The update breaks a hack that allowed Oculus games on non-Oculus headsets, but is the company really reneging on a promise, as some have suggested?
For a while, it looked as if Oculus wouldn’t stand in the way of users hacking Oculus games to run on other hardware. A recent Oculus software update, however, may have put the kibosh on that.
According to Motherboard, the new Oculus App 1.4 update breaks a hack that allowed Oculus games to run on VR headsets from HTC. These new measures, according to the Oculus App 1.4 release notes, encompass “bug fixes and security updates, including updates to platform integrity checks.”
According to Motherboard, these new integrity checks prevent Revive, a piece of software that let Oculus games run on the HTC Vive headset, from running, effectively locking games down to the Oculus hardware.
Why this matters: Several months back, Oculus founder Palmer Luckey took to Reddit and stated, “If customers buy a game from us, I don’t care if they mod it to run on whatever they want.” He went on to explain that, “[Oculus’s] goal is not to profit by locking people to only our hardware.” His statements made it seem as though the company would take a hands-off approach when it comes to locking games down to Oculus hardware. The new safeguards in Oculus 1.4 would seem to fly in the face of Luckey’s earlier statements.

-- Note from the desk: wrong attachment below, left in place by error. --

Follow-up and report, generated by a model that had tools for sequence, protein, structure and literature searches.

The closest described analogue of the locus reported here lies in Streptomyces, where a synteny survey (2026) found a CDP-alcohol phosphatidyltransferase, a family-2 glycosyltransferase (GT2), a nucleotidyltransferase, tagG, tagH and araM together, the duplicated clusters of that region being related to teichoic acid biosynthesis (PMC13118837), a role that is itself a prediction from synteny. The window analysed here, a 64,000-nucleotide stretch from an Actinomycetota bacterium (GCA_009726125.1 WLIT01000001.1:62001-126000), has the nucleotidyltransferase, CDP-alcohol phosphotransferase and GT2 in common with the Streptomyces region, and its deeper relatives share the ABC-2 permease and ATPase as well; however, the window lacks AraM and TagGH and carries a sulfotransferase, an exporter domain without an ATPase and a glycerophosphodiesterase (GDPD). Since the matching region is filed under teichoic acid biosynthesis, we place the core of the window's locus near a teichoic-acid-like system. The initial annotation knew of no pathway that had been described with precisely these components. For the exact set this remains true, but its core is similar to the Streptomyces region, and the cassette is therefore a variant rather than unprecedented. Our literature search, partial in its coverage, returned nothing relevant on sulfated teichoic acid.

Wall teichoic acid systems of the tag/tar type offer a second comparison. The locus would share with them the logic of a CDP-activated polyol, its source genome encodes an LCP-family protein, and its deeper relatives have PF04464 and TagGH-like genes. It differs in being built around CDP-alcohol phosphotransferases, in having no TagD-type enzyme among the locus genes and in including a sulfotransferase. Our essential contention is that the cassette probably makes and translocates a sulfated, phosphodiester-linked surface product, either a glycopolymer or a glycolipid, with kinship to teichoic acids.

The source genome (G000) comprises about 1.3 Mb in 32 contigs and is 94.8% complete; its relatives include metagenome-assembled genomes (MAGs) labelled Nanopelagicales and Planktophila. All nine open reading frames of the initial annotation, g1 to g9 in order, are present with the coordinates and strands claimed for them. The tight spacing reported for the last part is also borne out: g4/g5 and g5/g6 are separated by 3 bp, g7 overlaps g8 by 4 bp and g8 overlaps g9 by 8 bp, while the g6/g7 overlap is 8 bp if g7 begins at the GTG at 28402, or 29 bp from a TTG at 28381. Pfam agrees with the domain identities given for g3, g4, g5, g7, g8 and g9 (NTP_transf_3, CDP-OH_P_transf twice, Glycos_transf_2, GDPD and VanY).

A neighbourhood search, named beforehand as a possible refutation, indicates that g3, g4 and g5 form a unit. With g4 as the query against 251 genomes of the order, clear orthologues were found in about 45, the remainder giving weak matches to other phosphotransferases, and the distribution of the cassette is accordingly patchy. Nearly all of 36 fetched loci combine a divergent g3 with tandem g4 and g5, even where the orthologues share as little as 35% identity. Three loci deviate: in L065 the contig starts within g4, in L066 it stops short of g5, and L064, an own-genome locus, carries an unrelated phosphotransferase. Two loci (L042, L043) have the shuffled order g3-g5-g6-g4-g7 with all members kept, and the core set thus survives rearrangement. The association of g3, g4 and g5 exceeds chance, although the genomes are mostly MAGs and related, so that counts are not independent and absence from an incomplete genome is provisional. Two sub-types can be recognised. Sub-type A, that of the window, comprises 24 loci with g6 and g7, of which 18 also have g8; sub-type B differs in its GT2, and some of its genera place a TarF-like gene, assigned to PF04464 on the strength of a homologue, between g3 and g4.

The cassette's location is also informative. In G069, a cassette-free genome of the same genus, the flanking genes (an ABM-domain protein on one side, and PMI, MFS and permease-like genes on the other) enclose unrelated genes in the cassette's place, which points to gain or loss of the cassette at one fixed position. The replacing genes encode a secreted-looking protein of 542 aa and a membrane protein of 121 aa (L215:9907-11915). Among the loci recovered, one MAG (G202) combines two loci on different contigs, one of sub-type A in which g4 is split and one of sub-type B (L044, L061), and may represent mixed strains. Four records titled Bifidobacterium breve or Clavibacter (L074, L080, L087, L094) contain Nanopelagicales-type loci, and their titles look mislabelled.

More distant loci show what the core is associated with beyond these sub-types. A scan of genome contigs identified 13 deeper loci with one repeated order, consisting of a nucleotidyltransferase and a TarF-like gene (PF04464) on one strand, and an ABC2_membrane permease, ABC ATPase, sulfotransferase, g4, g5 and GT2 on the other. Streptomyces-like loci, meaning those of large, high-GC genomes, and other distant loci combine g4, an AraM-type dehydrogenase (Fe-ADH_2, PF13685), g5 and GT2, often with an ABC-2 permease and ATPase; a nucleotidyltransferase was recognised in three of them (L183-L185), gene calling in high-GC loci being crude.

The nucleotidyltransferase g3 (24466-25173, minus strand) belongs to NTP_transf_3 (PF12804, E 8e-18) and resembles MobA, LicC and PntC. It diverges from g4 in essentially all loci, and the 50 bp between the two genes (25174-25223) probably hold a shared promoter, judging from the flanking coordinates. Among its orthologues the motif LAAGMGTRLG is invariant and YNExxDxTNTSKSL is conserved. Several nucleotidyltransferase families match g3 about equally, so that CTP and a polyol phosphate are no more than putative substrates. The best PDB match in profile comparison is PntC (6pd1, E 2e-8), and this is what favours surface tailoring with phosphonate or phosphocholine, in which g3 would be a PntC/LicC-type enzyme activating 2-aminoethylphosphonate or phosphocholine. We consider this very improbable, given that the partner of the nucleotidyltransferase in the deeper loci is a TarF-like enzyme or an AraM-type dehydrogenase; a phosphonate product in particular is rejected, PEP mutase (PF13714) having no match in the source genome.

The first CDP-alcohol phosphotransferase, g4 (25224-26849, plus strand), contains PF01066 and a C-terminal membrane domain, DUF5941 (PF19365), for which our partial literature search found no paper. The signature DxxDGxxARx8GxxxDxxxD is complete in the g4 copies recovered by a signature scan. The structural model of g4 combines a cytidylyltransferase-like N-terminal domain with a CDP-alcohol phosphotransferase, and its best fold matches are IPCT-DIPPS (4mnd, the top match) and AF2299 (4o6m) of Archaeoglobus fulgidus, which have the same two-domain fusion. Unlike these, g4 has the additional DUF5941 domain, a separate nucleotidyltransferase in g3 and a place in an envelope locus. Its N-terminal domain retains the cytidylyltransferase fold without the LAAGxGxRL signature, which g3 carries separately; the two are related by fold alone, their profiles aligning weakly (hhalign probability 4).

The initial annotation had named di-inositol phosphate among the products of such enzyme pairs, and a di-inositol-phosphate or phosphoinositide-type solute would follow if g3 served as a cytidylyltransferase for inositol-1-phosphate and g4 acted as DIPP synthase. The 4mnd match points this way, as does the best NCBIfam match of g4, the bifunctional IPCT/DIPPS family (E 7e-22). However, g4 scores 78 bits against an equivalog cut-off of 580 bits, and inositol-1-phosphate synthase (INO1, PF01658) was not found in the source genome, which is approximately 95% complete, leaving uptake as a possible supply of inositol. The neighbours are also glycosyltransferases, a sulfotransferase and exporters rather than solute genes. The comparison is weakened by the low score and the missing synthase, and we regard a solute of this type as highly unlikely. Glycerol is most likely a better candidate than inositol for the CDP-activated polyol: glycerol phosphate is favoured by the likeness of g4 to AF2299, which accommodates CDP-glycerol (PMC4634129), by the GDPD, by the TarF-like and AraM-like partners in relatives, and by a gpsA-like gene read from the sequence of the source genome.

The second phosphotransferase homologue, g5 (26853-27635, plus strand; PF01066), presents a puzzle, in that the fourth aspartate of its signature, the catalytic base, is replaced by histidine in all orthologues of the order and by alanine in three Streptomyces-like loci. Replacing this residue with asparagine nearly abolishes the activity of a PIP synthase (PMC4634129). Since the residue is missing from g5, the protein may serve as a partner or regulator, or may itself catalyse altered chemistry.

A broken promise?
But does the Oculus 1.4 update really run counter to Luckey’s previous statements? Sorta kinda, but not entirely.
Although the new update knocked Revive out of commission, it’s unclear whether Oculus really intends to block attempts to run Oculus games on non-Oculus hardware, or whether it’s merely a side-effect. For it’s part, an Oculus spokesperson told Motherboard in that “people should expect that hacked games won’t work indefinitely as regular updates to content, apps and our platform may break the hacks.”
Mothertboard also points to similar comments Oculus made in April: “This is a hack, and we don’t condone it. Users should expect that hacked games won’t work indefinitely, as regular software updates to games, apps, and our platform are likely to break hacked software,” the company told Ars Technica at the time.
Taken all together, Oculus’s approach becomes more clear—the company might not necessarily work to stop you from hacking games to run on other hardware, but it won’t support it, and it won’t go out of its way to avoid breaking hacks. Only time will tell, though, whether this is the start a cat-and-mouse game of sorts between Oculus and hack developers, similar to the one Apple had with iPhone jailbreakers in the past.